Financial institutions impacted by distributed-denial-of-service attacks and other cyberthreats have benefited from information sharing. But Paul Smocer, president of BITS, the technology policy division of the of the technology policy division of the Financial Services Roundtable, says more communication is needed.
"More effective public-private information sharing will be very helpful," Smocer says during an interview with Information Security Media Group [transcript below].
Smocer recently testified before the House Select Committee on Intelligence, voicing BITS' support for the Cyber Intelligence Sharing and Protection Act, which could pave the way for more sharing of threat information among various business sectors.
"The nature of these attacks and the methodologies and techniques that are used are often used across different sectors," Smocer says. "If a different sector encounters a new technique before financial services happens to, it will be very valuable for us to know that and prepare our defenses."
Another area for improvement is enhancing law enforcement cooperation around the globe.
"Much of this cyber-activity comes from multiple countries, and so the ability to enhance law enforcement to be able to reach out and deal on a cooperative basis with these other countries to deal with the cyber-actors more effectively will be something that would be very helpful," Smocer says.
During this interview, Smocer discusses:
- The increasing threats attacks backed by nation-states pose;
- How real-time information sharing has benefited the financial sector;
- Why information sharing among various business sectors as well as the government will help minimize the risks tied to cyber-attacks.
Smocer is president at BITS, where he leads initiatives to enhance e-mail security and advance practices for identifying and validating online customers. BITS is the technology policy division of The Financial Services Roundtable, which was established to protect and promote the economic vitality and integrity of the United States financial system. Smocer joined the Roundtable in February 2008 as vice president of security.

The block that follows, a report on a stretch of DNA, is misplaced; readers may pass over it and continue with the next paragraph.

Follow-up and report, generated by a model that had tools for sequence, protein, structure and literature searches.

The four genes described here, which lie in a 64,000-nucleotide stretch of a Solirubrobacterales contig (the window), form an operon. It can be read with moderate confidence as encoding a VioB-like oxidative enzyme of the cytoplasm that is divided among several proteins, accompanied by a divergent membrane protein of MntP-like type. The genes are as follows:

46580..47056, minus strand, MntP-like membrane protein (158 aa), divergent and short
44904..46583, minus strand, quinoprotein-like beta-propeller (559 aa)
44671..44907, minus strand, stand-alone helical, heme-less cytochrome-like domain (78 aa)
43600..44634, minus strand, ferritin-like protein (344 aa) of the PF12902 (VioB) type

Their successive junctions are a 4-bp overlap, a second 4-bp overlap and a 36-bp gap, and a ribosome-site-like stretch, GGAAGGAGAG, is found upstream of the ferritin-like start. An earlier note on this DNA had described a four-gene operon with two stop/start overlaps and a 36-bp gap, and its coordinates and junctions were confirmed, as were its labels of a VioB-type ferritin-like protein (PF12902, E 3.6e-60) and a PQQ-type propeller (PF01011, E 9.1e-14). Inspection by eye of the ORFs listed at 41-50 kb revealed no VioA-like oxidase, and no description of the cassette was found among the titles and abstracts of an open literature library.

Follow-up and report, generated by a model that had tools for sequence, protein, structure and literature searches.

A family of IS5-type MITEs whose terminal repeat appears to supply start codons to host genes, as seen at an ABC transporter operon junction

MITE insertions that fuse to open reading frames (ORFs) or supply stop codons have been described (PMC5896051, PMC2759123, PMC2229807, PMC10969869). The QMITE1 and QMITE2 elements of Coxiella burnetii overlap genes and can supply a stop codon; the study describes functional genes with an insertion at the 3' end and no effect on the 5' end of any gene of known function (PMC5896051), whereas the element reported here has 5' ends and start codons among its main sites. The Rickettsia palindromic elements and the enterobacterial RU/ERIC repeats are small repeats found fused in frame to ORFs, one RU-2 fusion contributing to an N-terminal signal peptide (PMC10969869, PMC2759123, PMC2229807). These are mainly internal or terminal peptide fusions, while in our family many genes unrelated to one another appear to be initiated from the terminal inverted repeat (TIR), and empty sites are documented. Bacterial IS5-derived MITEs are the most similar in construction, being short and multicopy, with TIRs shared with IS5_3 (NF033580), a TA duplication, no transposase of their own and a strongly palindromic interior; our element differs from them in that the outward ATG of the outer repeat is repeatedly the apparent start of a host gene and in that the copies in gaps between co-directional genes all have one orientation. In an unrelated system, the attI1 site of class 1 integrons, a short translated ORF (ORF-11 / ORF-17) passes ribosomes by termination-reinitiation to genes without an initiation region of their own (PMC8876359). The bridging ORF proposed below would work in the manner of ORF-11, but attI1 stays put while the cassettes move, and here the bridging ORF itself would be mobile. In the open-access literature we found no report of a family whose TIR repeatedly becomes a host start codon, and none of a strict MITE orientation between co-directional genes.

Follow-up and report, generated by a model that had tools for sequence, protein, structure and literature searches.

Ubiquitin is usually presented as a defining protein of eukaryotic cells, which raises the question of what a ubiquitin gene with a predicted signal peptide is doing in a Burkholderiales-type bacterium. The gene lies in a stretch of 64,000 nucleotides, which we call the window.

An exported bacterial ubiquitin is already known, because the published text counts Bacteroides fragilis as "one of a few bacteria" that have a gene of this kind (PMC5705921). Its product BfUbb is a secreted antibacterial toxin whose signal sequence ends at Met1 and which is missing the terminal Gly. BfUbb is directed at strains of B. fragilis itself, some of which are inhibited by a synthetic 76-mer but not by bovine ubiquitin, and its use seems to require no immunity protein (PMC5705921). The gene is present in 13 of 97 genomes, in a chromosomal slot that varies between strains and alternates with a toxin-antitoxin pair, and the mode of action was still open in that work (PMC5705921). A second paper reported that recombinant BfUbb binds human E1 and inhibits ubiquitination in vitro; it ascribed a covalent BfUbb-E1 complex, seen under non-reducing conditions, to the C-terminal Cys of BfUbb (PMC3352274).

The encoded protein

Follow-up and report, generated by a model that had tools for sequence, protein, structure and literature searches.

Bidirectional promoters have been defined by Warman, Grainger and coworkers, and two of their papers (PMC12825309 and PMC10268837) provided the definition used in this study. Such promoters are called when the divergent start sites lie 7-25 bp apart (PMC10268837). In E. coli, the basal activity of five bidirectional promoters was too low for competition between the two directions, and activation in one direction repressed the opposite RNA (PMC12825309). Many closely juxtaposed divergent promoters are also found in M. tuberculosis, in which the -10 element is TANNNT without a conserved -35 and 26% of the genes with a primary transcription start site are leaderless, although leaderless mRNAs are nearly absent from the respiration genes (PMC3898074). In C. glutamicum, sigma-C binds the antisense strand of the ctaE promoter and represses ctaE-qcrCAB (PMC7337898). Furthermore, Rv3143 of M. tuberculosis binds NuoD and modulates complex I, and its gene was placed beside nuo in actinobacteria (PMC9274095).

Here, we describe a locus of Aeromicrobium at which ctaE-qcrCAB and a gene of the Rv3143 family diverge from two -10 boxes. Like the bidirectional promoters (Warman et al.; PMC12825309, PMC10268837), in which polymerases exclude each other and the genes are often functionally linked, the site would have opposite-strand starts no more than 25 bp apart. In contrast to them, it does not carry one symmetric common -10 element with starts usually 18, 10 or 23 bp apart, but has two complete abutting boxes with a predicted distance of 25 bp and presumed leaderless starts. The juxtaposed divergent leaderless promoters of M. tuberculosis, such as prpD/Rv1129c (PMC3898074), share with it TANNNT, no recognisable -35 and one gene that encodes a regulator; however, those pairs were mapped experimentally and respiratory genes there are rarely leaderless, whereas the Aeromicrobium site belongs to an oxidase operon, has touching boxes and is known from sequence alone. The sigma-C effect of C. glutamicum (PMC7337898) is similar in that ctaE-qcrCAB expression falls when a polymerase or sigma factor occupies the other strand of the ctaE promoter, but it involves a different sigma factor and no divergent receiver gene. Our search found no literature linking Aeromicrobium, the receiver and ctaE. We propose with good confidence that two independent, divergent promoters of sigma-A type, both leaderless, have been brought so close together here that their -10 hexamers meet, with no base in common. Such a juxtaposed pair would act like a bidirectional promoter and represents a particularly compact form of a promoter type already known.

In this role, he led BITS' work in promoting the safety and soundness of financial institutions through best practices and successful strategies for developing secure infrastructures, products and services. Before BITS, Smocer focused on technology risk management at BNY Mellon and led information security at the former Mellon Financial Corp., where he previously served as the CISO and manager of the Technology Assurance Services Division. Smocer began his career at Mellon in 1974, when he joined its Information Technology Audit Group.
Greatest Cybersecurity Threat
TRACY KITTEN: What would you say is the greatest cybersecurity threat now facing the U.S. financial services infrastructure?
PAUL SMOCER: I would actually say it's the rise in the level of risk that we've been seeing over the last few years. In prior conversations you and I have had, we've spent time talking about the risk from organized crime and we've spent time talking about the risk from hacktivism, and now with the introduction of what appears to be either nation-state or sponsored nation-state attacks, I think we've seen a rise in risk that has us all focused much more on cybersecurity. We certainly still have organized crime and hacktivism, so we can't ignore those. But this latest wrinkle is upping the anti in terms of looking at the question of cybersecurity and, in particular, how it might affect our critical infrastructure.
Threats to Banking Institutions
KITTEN: In your statement before this Congressional committee, you note that cyber-attacks are waged for three primary reasons: theft, disruption and destruction. Is one type of attack more concerning or damaging than another when it comes to threats that banking institutions face?
SMOCER: Each threat has its own issues and, to some extent, its own mitigations. The mitigations probably cross over. Institutions have been working for a long time to deal with all three issues, in particular trying to put in mitigations to defend against all three.
In addition to the defenses that have been put in place, there have certainly been in place contingency plans; for example, backing up data to assure the ability for continuity in the event of destruction. But beyond that, I think we're actually seeing, and have seen over the last few years, a lot of collaborative efforts under way in the industry when it comes to dealing with all three issues. To say that one attack is more concerning or damaging than the other is really difficult. I think all three are of concern to us, and all three continue to be a focus of what we're trying to deal with.
Financial Stability Oversight Council
KITTEN: The Financial Stability Oversight Council was established under the Dodd-Frank Wall Street Reform and Consumer Protection Act. What can you tell us about this council and the work that it's doing with BITS?
SMOCER: The council is working across the industry and it was created to focus on risks across the financial system. Cybersecurity is one of those risks, and the Financial Stability Oversight Council has had a level of focus on cybersecurity; but that certainly is not its only risk focus. It really exists to assure the continuity of the financial system, overall, and the risks that affect it - be those financial, operational or otherwise.